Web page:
I am actually giving my Algebra 1 students their assessment over systems of equations tomorrow and found it interesting the author commented on this topic in her article.  I would love to give more open ended questions to my students, but I feel that they have enough trouble trying to answer the questions.  I will start giving a few in my warm-ups to introduce them to the idea of open-ended questions before I start putting them on their assessment.  If I could just get them to AT LEAST check their answers that would be a step in the right direction.  As someone stated in another post; it would be nice if they were seeing more open-ended questions earlier on in their math classes.  I do try to get my students to stop and at least say "Does this answer make sense??" but even that is hard to do.  They are so worried about getting the problems done; they don't seem to care if it is correct.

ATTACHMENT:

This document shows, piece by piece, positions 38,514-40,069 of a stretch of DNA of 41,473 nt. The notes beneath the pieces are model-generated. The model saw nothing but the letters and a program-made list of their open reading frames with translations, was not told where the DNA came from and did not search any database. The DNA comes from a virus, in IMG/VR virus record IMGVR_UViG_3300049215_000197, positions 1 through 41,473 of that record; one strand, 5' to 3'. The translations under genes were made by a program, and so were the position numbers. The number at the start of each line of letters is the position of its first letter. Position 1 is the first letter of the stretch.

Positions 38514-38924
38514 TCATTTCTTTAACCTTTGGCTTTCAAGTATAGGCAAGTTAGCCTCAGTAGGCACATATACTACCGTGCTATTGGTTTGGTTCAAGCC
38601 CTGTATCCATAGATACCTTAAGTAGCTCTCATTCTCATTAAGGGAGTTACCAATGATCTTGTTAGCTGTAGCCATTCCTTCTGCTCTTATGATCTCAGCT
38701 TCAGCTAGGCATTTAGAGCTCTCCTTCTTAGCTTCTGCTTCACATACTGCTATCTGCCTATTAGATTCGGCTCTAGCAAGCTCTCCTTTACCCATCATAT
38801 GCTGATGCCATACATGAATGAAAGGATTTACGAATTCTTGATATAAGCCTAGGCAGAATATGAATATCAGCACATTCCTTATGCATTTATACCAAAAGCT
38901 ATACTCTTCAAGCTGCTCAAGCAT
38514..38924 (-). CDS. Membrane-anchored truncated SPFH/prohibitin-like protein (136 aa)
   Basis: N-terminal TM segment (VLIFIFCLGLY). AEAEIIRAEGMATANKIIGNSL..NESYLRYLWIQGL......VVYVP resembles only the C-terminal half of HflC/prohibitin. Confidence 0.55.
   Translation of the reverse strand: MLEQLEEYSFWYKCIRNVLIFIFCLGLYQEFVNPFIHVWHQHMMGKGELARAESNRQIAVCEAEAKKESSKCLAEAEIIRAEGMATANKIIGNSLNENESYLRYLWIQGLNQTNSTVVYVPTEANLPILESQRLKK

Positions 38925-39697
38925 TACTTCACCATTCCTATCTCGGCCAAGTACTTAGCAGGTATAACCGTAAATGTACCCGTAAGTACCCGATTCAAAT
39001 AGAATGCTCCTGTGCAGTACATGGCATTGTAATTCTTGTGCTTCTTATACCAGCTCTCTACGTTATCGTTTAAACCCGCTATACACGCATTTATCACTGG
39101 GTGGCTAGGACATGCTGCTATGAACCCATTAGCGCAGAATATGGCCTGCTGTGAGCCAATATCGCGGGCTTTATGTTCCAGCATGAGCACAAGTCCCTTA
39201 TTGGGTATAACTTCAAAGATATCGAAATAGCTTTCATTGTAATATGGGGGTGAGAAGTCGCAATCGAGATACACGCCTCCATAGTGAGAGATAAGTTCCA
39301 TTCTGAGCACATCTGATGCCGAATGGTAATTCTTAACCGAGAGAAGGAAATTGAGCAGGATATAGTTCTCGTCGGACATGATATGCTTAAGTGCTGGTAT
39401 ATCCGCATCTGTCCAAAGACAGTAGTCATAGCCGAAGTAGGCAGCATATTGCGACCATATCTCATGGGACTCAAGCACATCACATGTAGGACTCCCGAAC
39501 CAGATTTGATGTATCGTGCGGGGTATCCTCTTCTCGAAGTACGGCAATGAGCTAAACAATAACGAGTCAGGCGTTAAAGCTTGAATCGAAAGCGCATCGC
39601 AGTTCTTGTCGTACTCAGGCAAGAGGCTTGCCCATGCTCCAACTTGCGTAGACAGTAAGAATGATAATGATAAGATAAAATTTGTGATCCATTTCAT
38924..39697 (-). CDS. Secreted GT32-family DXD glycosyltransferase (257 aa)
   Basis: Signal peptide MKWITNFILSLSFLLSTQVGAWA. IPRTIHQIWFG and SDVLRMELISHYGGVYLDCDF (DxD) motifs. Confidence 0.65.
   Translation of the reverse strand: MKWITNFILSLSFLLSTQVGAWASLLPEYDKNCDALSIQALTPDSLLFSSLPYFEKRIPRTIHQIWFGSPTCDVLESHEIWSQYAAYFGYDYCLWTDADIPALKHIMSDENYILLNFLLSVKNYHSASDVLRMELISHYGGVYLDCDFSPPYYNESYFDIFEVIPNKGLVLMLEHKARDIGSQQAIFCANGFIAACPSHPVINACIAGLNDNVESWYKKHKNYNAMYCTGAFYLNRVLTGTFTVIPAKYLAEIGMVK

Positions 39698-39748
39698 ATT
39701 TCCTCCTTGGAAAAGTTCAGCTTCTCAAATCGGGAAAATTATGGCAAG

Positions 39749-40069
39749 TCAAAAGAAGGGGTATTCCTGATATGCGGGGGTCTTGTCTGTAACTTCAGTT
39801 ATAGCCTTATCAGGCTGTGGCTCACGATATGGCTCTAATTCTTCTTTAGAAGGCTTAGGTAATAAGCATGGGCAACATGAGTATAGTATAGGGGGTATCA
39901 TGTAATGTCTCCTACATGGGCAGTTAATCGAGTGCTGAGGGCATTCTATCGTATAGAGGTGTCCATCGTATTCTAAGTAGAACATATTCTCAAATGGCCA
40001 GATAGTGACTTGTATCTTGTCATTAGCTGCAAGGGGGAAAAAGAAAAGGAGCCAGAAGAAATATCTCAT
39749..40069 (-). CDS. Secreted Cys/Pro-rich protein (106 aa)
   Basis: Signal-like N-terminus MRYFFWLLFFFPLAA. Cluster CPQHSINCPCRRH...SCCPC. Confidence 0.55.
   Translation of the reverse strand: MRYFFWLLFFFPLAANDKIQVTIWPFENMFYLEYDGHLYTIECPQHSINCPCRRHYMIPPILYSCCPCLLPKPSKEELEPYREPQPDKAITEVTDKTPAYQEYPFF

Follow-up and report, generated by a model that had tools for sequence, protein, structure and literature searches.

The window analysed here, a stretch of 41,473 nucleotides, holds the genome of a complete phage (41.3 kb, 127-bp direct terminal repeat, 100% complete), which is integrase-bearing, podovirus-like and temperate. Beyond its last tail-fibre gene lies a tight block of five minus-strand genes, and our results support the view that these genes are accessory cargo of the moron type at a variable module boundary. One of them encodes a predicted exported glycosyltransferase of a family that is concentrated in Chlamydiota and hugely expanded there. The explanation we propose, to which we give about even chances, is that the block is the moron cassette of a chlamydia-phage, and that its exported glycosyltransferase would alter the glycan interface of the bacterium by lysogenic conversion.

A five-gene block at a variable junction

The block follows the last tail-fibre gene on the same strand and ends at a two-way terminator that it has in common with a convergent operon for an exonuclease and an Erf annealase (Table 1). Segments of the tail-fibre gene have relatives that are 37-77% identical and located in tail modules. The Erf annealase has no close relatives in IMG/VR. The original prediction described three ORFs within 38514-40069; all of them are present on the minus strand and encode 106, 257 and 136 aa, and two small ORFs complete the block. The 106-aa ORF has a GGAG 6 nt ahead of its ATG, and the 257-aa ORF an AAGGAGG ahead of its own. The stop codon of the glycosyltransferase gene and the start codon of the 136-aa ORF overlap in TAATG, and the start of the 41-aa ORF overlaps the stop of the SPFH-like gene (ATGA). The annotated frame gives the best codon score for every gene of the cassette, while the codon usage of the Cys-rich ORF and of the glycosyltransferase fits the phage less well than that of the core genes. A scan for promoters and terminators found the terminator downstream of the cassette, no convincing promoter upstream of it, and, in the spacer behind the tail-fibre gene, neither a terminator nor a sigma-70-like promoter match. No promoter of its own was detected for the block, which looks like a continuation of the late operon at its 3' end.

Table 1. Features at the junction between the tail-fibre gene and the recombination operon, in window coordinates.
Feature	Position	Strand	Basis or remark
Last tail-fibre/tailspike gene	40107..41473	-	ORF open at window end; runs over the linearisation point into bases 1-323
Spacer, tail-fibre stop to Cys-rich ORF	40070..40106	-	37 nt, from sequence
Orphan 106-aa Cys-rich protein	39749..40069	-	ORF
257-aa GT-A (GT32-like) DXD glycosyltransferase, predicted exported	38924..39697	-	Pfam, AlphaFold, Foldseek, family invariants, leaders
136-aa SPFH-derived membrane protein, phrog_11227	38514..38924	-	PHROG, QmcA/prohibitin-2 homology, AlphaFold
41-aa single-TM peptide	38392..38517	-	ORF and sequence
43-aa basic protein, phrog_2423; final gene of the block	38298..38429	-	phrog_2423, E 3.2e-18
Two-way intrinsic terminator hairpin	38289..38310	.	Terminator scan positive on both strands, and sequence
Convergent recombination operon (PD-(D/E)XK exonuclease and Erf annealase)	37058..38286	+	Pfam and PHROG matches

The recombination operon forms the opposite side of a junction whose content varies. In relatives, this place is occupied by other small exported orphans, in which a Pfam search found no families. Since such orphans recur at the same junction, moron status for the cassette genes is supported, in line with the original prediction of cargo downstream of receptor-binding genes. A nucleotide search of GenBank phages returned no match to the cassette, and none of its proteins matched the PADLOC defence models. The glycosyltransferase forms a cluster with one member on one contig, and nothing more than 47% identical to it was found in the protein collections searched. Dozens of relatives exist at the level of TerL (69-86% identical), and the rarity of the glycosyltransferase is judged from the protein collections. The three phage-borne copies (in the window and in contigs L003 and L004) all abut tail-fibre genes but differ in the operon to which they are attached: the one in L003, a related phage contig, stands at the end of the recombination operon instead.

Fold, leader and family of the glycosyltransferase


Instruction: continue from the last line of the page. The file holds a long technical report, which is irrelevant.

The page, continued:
How do we convince our students that they need to just slow down and see if their answers make sense.  I feel this is where I need to start before I can really give them open ended questions.


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I think questioning their thinking helps somewhat with this. "Why do you think that answer is correct?" "How did you solve this problem?" "Does this remind you of any other type of problem you have seen before? How did you approach that problem?" I make it happen to question correct thinking as much if not more than erroneous thinking.
I like how you mentioned questioning correct thinking as well as erroneous thinking. When a student gives an answer I try to follow with, "tell me why", without giving any indication as to whether they are right or not. I think this also keeps other students on their toes and teaches them to not take for granted that the teacher is calling on the person who he/she knows has the correct answer which I have been guilty of in the past. It is amazing what we learn from wrong answers.
I wonder also about asking students to use another representation to justify the reasonableness of their solution. So if they used an equation, how might a table or graph confirm their solution, and what would a good explanation look like supporting that justification. (I guess I lumped a few things together here :)


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